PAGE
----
The highlights of Edward Zerin’s walking tour of Jewish San Francisco no longer exist.
On a recent chilly morning, the retired rabbi walked north on Fillmore Street, pointing out blocks of invisible history.
“See the McDonalds? That used to be Koblick’s Bookstore,” he said. And next to it? Schubert’s Bakery, he added. Nearby was the famous Langendorf’s Bakery. One block over was the Practical Hat and Umbrella Works.
The 86-year-old walked past a Starbucks and Sushi Boom II and said, “All of this used to be Jewish stores.”
Zerin documents the history of San Francisco Jews in his new, mostly photographic book, “Jewish San Francisco.”
Along Fillmore, between McAllister and Post, the community thrived. After the 1906 earthquake, “the displaced Jews south of Market Street flocked to the Fillmore District and established a flourishing Jewish community,” Zerin wrote.
“Jewish San Francisco” tells the city’s Jewish history through 200 black and white photographs, the oldest from 1848. Zerin scoured the archives at the Judah L. Magnes Museum in Berkeley, hunted around Bay Area public libraries, borrowed photographs from personal collections and even traveled to the University of Colorado to get his hands on some pictures.
“I think it’s an easy introduction to the history of Jewish life in San Francisco for both Jews and non-Jews,” said Seymour Fromer, director emeritus of the Magnes Museum, who helped Zerin as he researched the book.
Zerin has white hair, dark eyebrows and a slightly crooked smile. He was a congregational rabbi for 28 years, has worked as a translator for the National Yiddish Book Center and has taught at several universities.
He lived in Los Angeles for 30 years prior to moving to San Francisco in 2004. Shortly after the move, he began to explore the Jewish aspect of his new home. A photographer, historian and generally curious man, Zerin explored the city on foot and by bus.
“I like to walk where my people have walked,” he said.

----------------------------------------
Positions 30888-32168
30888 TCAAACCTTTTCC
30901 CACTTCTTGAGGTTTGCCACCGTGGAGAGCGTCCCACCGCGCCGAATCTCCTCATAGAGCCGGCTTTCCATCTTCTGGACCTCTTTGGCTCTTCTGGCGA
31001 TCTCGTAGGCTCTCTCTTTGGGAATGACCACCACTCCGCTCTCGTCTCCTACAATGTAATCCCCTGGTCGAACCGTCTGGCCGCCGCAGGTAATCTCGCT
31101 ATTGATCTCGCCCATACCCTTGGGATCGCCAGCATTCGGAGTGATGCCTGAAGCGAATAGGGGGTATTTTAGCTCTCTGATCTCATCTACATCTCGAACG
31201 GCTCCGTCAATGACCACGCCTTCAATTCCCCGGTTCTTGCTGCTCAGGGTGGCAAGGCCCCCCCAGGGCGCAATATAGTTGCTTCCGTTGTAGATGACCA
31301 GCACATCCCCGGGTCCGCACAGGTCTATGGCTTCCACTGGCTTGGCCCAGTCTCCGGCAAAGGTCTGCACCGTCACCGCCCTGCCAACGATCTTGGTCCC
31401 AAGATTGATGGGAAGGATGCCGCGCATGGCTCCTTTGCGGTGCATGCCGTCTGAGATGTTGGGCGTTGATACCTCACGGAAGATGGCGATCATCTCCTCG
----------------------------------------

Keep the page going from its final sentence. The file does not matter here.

He started to tell friends and family about what he had learned. He was excited. So when they asked him, “Why not write a book?,” he took their question seriously. He was already the author of eight books. Why not one more?
“I got to know the treasures of this city and how Jews contributed magnificently,” he said.
The most unique quality of San Francisco’s Jewish community, he said, is that the Jews were pioneers among pioneers. They were equals from their beginnings by the bay.
Zerin can see the dome of Congregation Sherith Israel from the 10th floor of his condominium near Japantown. The synagogue is one of only two Jewish buildings Zerin knows of that survived the 1906 earthquake. The other was called Ohabei Shalome Synagogue, a flax-colored building with ornate columns that’s now a Japanese retirement community at the corner of Bush and Laguna streets.
The building was constructed in 1892 as an alternative to Congregation Emanu-El, Zerin said. Sort of like a Conservative synagogue, but before the modern Conservative movement took off.
“He would get ideas in the middle of the night and I’d find him sitting on the computer in the wee hours,” said Jill Kneeter-Zerin, the rabbi’s wife.
Though “Jewish San Francisco” is written, edited, published and ready to become your new coffee table centerpiece, Zerin is not done digging into the city’s Jewish history.
As he talked about a historical building on Fillmore Street, a shop owner overheard him and struck up a conversation. The urban archaeologists, separated by two generations, spoke for about 15 minutes about the unique history of neighborhoods.
Matt Harput, 29, owns Harput’s Market and invited Zerin to come back the following week to look at old photographs he found in the shop’s attic.
“How’s that for falling into the matzah ball soup?” Zerin joked.
That anecdote’s not in the book. Maybe it’ll make it into Volume Two.
“Jewish San Francisco” by Edward Zerin (128 pages, Arcadia Publishing, $19.99).
Edward Zerin will sign copies of “Jewish San Francisco” at 2:15 p.m. Sunday, Nov. 5 for Jewish BookFest at the Jewish Community Center of San Francisco, 3200 California St., S.F. Zerin also will speak 6 p.m. Thursday, Nov. 16 at Book Passage, 1 Ferry Plaza, S.F.